The Sheer Ambition of Marina Dimitrijevic
She’s running for assembly but wanted to continue as county supervisor and collect two full-time salaries.
Last month I moderated a candidates forum for the 19th Assembly District. The district runs along the lake, from the East Side all the way to Bay View, and there are four impressive candidates running for the seat, including two attorneys, Dan Adams and Sara Geenen, and Jonathan Brostoff, who has served as an aide to state Sen. Chris Larson and before that as an aide to county supervisor Jason Haas.
But if I were judging the debate I’d say the fourth candidate, Milwaukee County board chair Marina Dimitrijevic, had the best of it. She’s an excellent speaker, she was on top of the issues and she projects a lot of power and confidence.
Dimitrijevic has been seen as the favorite in the race: she has endorsements from many elected officials, led by Mayor Tom Barrett and Democratic congresswoman Gwen Moore — both of whom sponsored fundraisers for her. And the list of the unions supporting her is lo-o-ong: at least 12, including the state teachers union, state firefighters, county deputy sheriffs and the state Service Employees International Union council.
Remarkably, Dimitrijevic garnered all this support despite the fact she planned to continue drawing a salary as county supervisor while serving as a state representative. When she announced her decision to run last November, Dimitrijevic said she would step down as county board chair but would also finish her term as a supervisor.
The position of state legislator is generally seen as a full-time one and pays $49,943, plus about $6,000 on average in annual “per diem” living expenses. The position of county supervisor pays $50,679. Yes, it will be reduced to a part-time salary of $24,051, but not until after the April 2016 election. So Dimitrijevic would therefore have collected two full time salaries, for a total annual compensation of about $106,000, from January 2015 through April 2016.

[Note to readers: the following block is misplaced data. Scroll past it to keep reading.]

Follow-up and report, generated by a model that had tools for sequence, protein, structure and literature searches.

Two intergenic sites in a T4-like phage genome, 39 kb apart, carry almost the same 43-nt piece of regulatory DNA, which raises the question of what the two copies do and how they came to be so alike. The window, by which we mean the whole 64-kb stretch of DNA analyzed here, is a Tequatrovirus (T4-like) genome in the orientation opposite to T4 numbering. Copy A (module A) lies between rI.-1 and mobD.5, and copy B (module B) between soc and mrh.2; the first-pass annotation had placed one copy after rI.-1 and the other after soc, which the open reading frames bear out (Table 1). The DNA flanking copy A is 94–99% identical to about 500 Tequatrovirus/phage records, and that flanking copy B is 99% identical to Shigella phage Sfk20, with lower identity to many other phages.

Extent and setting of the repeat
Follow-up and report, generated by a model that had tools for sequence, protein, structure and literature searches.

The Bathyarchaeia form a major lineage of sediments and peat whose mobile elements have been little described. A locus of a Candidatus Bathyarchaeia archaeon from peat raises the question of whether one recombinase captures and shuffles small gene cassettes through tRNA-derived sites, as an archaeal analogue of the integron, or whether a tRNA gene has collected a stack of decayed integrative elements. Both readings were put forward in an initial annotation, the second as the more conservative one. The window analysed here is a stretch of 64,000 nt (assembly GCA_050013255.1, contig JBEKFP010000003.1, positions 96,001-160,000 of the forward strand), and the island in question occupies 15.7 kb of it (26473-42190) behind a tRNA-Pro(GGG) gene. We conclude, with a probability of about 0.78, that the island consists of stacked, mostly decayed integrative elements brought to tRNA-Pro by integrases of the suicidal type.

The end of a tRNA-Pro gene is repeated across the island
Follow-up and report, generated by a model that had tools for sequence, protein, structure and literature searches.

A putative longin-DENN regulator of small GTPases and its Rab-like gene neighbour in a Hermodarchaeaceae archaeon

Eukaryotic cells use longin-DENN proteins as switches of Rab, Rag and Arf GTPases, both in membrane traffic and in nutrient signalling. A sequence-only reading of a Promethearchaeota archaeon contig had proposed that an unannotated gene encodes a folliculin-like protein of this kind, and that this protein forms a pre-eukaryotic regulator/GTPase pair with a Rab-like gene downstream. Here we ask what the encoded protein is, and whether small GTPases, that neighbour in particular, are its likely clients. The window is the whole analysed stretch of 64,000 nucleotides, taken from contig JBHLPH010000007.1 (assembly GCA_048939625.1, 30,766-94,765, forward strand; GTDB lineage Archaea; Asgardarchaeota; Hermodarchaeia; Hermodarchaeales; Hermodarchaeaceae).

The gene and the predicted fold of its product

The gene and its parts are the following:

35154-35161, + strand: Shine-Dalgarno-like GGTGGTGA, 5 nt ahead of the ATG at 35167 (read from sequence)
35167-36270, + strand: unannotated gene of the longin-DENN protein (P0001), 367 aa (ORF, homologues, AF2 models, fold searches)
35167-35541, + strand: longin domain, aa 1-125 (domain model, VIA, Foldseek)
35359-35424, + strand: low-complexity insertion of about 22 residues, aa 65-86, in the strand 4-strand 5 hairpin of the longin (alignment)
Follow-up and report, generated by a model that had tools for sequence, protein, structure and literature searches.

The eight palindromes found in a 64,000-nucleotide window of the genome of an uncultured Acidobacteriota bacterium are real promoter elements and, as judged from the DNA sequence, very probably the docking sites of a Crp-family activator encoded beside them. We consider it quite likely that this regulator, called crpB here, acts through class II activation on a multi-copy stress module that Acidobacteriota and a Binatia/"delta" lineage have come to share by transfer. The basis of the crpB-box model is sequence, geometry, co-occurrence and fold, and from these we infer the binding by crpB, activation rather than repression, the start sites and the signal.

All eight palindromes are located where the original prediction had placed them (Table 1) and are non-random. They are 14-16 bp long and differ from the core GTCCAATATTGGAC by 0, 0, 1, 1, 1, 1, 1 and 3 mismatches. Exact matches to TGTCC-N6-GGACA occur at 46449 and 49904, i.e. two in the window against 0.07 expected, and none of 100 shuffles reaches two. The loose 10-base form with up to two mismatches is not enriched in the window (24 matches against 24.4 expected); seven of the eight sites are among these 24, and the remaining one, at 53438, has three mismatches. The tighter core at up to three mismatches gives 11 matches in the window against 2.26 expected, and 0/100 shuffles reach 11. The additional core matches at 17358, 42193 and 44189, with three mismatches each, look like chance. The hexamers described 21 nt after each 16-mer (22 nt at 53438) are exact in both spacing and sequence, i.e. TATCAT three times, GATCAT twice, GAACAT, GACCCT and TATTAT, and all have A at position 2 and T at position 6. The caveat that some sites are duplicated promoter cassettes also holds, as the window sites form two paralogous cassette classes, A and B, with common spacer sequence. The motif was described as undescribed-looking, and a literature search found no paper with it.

Keep in mind that Dimitrijevic did everything possible to fight the legislation changing the county supervisor position to a part-time one, arguing vociferously that the job had to be done full time. So how could she possibly do this while also serving as a full-time legislator where most of the work is done in Madison?
Last night at a candidates forum, Dimitrijevic suddenly announced she had decided not to hold both jobs. As she puts it on her campaign website, in a post written this morning, “When I announced I was running for State Assembly last year, people asked me to consider filling out my term on the County Board. I did consider it and decided months ago that I would not hold both offices.”
Months ago? Then why didn’t she put this up on her campaign website? Why didn’t she let folks know at the candidate forum held last month?
I think there’s a more recent explanation for her change of heart. On Thursday, Milwaukee Journal Sentinel columnist Dan Bice reported that from mid-April to mid-June Dimitrijevic showed up at the courthouse on just 16 of 48 work days and on average, spent about 2 hours and 25 minutes at the courthouse on the days she was there.
Said Dimitrijevic: “County business is not just done at a desk or in the courthouse.” Yes, supervisors do spend some time in the district attending occasional neighborhood meetings, but most of their work typically occurs at the courthouse. Supervisors who show up as seldom as she has in the last two months would be considered part timers by their colleagues. As Supervisor Mark Borkowski told the JS, he puts in ten times more hours than Dimitrijevic.